Language is powerful. If anyone knows the power of learning new phrases, in new languages, for better or for worse, I do.
Learning a few words in Arabic allowed me to communicate one late night with two Eritreans on a subway in Toronto—creating a bond that I think would have been almost impossible in English. I heard the two young men speaking Arabic, so I interjected with what I had learned from a Pimsleur Arabic CD. I said, “عفوا، هل يفهمون اللغة الإنجليزية؟” – “Excuse me, do you understand English.” To their amazement here I was, an Anglo-Saxon Torontonian able to speak Arabic with them. Unfortunately, I was only able to show off a few more pleasantries that I knew: “Thank you”, “You’re Welcome” and “Goodbye,” which I had picked up from some Arabic speakers in Ottawa. Nonetheless it was a thrilling experience.
Another time I was too trusting. I was at a small university café near the library where I was studying, and there were two guys who work there, Urdu speakers from Pakistan, who were buddies. I was becoming pretty confident with some phrases that I had learned in Urdu, so I asked one student-worker in the café to teach me something quickly in Urdu so I could impress his friend, sort of as a trick to amaze him. I naively requested a question that I could ask his friend (who soon learned was taller and stronger). The first fellow taught me a line that sounded close enough to “How are you?” that I trusted him.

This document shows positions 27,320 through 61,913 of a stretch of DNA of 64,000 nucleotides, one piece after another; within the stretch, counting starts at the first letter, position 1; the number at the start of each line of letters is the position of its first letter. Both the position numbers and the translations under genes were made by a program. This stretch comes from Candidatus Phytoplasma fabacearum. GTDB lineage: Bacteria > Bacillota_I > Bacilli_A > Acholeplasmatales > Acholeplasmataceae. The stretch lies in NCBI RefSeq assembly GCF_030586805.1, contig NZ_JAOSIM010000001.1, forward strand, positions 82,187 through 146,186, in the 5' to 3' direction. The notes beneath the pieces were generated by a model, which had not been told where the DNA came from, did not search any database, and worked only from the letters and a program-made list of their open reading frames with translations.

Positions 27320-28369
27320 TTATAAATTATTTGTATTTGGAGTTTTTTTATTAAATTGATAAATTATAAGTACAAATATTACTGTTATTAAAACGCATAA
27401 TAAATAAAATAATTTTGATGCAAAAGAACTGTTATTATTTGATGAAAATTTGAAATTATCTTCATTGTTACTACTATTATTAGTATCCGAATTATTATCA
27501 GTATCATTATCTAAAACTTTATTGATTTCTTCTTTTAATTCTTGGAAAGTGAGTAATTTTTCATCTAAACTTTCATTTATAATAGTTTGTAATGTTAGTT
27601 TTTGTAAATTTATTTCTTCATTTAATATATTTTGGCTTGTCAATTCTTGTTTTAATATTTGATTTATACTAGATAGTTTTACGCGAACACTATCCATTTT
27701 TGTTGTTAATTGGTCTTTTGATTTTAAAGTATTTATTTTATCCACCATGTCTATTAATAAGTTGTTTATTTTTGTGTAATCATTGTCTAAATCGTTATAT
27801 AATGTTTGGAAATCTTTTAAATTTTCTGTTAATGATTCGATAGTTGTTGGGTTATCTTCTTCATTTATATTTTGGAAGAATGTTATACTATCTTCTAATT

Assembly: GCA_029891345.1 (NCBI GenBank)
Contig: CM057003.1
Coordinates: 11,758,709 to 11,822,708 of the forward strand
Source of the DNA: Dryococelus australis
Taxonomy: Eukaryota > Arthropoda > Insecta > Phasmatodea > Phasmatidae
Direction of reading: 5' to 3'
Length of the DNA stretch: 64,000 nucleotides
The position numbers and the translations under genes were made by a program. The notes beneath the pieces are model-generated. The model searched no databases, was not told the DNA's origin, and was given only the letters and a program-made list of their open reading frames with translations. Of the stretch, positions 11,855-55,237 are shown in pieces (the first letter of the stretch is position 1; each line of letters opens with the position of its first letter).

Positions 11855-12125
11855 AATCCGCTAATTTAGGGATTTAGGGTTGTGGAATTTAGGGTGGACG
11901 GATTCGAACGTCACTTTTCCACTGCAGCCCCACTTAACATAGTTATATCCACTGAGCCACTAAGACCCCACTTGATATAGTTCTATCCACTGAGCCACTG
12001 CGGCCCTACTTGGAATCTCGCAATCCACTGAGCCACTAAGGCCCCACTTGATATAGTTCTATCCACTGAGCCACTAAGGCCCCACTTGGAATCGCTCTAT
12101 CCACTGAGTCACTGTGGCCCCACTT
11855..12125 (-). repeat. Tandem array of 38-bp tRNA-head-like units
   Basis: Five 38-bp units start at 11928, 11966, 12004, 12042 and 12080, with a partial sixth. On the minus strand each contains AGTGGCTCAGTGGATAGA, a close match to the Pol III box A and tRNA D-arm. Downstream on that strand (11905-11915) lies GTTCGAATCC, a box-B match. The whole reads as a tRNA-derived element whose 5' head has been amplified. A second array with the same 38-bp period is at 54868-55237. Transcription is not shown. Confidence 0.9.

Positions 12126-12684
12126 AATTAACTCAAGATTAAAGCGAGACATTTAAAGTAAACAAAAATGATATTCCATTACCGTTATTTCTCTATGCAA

I approached his friend at the cash register and asked the question I had been taught. His eyebrows went up and he seemed offended. I had been duped; the joke was on me. Turns out I had asked him how his mother was—clearly not appropriate for a stranger. In my defence, I had no idea what I was saying, and I have been more vigilant about repeating lines until I have confidence in their accuracy.
During another episode, I was saved by Diskuto’s Director of Languages, Pat. I was in an elevator with several people, two of whom were wearing a hijab. We were in a building whose main tenants included multiple English language schools, so I assumed that they were from another country in this building to learn English. I asked something like “Hey, can you speak another language?” to one of the men and he abruptly responded that he was Canadian and could speak English. I was embarrassed and as he left the elevator he said, in a cheeky sort of way “By the way, I can also speak Arabic.” That’s when Pat saved me. Pat quickly responded, in Arabic, “Are you well? Nice to meet you,” which made them smile, and redeemed us somewhat from being linguistically politically incorrect.